Alysha Love is a multi-platform editor at CNN Politics. She previously worked as a web editor at Politico. Love is also a member of the Executive Committee of ACES: The Society for Editing. In this interview, conducted by email, Love discusses her job at CNN and her involvement in ACES.
Q. Describe your job at CNN Politics. What is your typical day like?
A. I’m multi-platform editor, which is a super-ambiguous title, I know. My job lives on the digital side of the CNN operation in Washington, D.C., so my team of digital producers and I spend our days:
- optimizing the stories we publish — think SEO, photos, videos, related stories and other steps that help readers have the best-possible experience on mobile, desktop or tablet;
- programming those stories across CNN’s digital platforms;
- posting stories, videos and photos to our social media accounts.
If it touches the internet, we’re the newsroom’s go-to source for making it happen. The job takes strong editorial news judgment, creative problem-solving skills and the drive to keep up with the fast-paced world of political news.
I also work with our third-party partners and make sure that our team is staying on top of industry trends and changes. I work closely with the product development team as a voice for the editorial team as CNN creates new projects.
Multi-tasking is key for my job: Throughout the day, I may be copy editing a story while helping the digital producers make judgment calls about video clips they’re cutting live from air while on a video call demoing a new tool we’d like to use. Communication happens over email, chat, conference calls and video chats — whatever it takes to stay connected with other team members or third-party partners who may be located in a different city or country.
Q. How do story editing and headline writing work at CNN Politics?
A. At CNN Politics, which produces editorial content across digital platforms while working hand in hand with newsgathering and television colleagues, our reporters file their stories with their best headline idea. Their editors will refine or rework that headline with the reporters during the story edit.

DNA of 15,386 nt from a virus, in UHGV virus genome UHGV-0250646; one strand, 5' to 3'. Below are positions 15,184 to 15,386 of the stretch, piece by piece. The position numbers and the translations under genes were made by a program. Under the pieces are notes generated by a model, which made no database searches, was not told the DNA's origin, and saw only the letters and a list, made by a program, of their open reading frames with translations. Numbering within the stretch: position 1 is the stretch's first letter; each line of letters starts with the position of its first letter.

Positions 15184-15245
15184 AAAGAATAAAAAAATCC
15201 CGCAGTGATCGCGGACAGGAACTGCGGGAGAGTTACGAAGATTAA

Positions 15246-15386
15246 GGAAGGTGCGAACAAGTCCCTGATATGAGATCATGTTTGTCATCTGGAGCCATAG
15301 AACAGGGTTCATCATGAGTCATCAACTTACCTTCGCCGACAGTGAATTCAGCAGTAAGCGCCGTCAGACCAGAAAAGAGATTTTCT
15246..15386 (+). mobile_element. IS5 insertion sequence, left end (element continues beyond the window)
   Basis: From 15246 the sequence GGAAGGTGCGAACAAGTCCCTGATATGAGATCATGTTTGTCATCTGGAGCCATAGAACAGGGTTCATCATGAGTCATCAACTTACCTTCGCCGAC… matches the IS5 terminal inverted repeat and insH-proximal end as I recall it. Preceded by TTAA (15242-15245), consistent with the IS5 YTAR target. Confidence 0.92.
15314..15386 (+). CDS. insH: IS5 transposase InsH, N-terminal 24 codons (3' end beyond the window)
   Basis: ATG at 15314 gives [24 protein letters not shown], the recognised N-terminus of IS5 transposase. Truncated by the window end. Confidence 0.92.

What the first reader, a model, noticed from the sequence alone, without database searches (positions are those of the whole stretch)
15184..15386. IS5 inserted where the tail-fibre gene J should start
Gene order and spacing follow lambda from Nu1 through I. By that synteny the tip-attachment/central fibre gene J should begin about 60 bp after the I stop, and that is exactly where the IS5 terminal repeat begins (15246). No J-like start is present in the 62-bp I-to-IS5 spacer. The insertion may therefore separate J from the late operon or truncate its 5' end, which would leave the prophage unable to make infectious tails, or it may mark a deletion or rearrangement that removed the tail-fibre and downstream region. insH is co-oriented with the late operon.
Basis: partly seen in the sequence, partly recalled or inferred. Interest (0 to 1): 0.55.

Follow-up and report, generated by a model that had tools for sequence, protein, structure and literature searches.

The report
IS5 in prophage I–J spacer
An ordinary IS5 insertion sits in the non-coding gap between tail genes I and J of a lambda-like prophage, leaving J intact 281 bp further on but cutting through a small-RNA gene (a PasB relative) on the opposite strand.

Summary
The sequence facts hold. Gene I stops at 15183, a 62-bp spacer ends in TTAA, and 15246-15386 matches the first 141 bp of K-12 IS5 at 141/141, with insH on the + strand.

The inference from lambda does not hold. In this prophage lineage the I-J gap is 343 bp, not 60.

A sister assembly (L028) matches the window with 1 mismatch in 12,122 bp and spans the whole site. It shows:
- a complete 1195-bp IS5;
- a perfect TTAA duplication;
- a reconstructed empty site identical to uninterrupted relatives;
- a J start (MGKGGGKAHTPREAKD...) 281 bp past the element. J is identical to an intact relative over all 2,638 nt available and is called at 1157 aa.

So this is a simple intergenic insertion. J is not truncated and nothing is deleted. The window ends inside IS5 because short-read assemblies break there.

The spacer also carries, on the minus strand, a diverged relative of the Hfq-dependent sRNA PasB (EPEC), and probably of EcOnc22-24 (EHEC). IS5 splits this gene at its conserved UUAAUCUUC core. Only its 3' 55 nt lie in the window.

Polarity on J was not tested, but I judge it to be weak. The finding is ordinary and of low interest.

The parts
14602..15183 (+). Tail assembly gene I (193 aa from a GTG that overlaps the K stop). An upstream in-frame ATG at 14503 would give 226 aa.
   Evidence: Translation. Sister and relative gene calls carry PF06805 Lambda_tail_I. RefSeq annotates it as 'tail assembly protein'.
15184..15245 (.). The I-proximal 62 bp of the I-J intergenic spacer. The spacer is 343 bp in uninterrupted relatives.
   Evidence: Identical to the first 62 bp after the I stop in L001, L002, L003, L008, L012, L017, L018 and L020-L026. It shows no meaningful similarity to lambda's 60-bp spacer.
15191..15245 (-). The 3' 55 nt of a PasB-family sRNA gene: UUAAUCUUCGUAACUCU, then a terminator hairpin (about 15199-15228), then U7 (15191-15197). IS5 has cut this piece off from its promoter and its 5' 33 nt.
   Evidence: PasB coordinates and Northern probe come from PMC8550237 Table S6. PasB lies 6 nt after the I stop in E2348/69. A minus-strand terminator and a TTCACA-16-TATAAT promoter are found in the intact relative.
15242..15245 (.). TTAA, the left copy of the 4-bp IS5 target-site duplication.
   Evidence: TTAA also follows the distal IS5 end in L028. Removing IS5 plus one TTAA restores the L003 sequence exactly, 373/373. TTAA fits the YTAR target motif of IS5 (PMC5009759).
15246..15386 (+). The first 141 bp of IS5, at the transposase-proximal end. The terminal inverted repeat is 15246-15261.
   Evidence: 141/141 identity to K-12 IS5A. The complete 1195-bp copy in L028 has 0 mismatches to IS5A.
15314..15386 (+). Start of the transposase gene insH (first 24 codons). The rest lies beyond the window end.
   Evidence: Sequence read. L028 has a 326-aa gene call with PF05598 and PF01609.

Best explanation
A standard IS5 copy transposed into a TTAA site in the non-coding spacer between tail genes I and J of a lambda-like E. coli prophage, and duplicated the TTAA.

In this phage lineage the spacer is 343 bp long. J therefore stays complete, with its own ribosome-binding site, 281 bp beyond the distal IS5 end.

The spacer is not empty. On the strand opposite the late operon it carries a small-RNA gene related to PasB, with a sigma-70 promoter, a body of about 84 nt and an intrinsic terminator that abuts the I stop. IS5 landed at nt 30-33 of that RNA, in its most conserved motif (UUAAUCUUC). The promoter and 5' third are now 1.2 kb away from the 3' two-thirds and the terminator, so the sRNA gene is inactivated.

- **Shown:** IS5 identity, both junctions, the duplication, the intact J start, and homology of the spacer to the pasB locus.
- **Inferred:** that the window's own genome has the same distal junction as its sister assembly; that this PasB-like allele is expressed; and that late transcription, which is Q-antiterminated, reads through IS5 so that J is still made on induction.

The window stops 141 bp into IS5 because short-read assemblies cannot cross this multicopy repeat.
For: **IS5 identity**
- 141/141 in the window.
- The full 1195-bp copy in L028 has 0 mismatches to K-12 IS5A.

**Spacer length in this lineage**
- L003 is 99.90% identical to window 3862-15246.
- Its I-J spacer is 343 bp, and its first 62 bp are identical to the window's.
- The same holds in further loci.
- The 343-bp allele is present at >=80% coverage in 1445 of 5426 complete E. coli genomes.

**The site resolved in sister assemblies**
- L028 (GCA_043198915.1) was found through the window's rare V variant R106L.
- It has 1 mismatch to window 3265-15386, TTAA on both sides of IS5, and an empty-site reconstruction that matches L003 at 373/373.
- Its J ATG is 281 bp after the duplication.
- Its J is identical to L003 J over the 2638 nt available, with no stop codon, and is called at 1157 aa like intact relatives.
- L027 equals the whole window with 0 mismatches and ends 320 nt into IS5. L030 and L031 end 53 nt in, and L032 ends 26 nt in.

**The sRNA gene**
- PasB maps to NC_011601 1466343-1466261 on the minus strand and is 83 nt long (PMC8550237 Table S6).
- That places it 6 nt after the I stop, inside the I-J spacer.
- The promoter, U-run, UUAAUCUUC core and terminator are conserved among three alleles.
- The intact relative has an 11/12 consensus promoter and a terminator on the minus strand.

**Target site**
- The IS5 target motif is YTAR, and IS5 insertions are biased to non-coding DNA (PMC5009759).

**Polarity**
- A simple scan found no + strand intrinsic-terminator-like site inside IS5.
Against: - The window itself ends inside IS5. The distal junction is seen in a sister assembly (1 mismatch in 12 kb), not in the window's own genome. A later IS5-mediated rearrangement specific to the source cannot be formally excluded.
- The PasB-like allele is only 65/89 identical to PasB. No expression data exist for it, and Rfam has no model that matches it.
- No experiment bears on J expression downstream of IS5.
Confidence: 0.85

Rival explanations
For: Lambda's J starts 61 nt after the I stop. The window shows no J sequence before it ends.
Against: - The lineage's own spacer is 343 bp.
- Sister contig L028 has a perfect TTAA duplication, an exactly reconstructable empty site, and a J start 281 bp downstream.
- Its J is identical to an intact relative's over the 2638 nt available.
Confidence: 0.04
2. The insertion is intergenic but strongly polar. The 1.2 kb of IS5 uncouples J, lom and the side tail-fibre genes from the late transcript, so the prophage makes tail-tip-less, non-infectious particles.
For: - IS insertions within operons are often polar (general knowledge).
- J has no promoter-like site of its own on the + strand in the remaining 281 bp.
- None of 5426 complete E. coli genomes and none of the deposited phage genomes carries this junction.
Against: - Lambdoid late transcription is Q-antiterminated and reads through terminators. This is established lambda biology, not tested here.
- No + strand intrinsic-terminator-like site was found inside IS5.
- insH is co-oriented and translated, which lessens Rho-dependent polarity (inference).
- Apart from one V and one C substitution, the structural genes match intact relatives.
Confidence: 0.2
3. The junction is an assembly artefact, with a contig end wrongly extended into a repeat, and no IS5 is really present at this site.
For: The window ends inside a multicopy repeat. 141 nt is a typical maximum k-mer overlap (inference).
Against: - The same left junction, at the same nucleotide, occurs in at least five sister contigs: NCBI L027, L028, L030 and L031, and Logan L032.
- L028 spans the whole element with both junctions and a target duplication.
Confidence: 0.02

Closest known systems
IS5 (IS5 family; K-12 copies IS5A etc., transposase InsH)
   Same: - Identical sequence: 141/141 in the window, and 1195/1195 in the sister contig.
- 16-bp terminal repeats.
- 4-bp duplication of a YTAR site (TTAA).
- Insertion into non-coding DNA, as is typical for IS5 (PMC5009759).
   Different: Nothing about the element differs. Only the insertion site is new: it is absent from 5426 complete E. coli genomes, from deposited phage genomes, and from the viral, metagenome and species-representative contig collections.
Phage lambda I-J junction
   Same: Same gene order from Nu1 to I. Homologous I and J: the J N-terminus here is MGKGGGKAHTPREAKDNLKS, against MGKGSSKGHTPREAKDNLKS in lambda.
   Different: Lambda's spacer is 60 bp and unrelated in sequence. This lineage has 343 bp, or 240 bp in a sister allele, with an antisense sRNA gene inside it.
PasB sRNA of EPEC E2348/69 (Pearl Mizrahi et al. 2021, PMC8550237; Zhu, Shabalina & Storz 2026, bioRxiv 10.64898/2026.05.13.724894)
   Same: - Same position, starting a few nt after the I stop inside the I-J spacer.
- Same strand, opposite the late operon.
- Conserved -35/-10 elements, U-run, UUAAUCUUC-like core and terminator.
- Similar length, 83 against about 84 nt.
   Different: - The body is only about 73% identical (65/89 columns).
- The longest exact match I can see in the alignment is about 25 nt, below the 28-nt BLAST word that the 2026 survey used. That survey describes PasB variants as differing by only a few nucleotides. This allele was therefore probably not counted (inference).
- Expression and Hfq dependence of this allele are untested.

Reporters and editors are responsible for writing headlines that work for mobile, social and search. Every story then gets a copy-edit from another editor in the newsroom, who’ll be coming at the story with fresh eyes. Any final revisions to the headlines come during that final copy-editing process.
Q. You are active in ACES: The Society for Editing. What drew you to the organization, and why do you find it valuable?
I joined ACES my senior year at the University of Missouri. I’ve always loved editing and had begun to realize it was a career track I might enjoy more than reporting.
In the small chapter of ACES at Mizzou, I found a cohort of people who also deeply loved language and cared about details. We organized to road trip down to the ACES conference in New Orleans over spring break that year (yes, I really spent senior spring break at an editing conference), and I found even more people with the same passion for words that I had. I was hooked on the people and the experience, and that fueled my run for the ACES executive board in 2016.
Not only are the people at ACES great, but the organization provides incredibly helpful training, resources and support for editors (and, frankly, anyone who works with words).
Q. What advice do you have for student journalists who are interested in careers like yours?
My role at CNN is a job that, in some ways, it feels like I fell into. It’s one that, at least when I was in college, there wasn’t a clear path to — or even much specific training for a job that would look like this.
You all are much better-positioned to take on digital roles as journalism continues to evolve. My best advice is to stick with the journalistic principles that are your foundation, build on what you know and be open to opportunities that could lead you to new, unthought-of paths.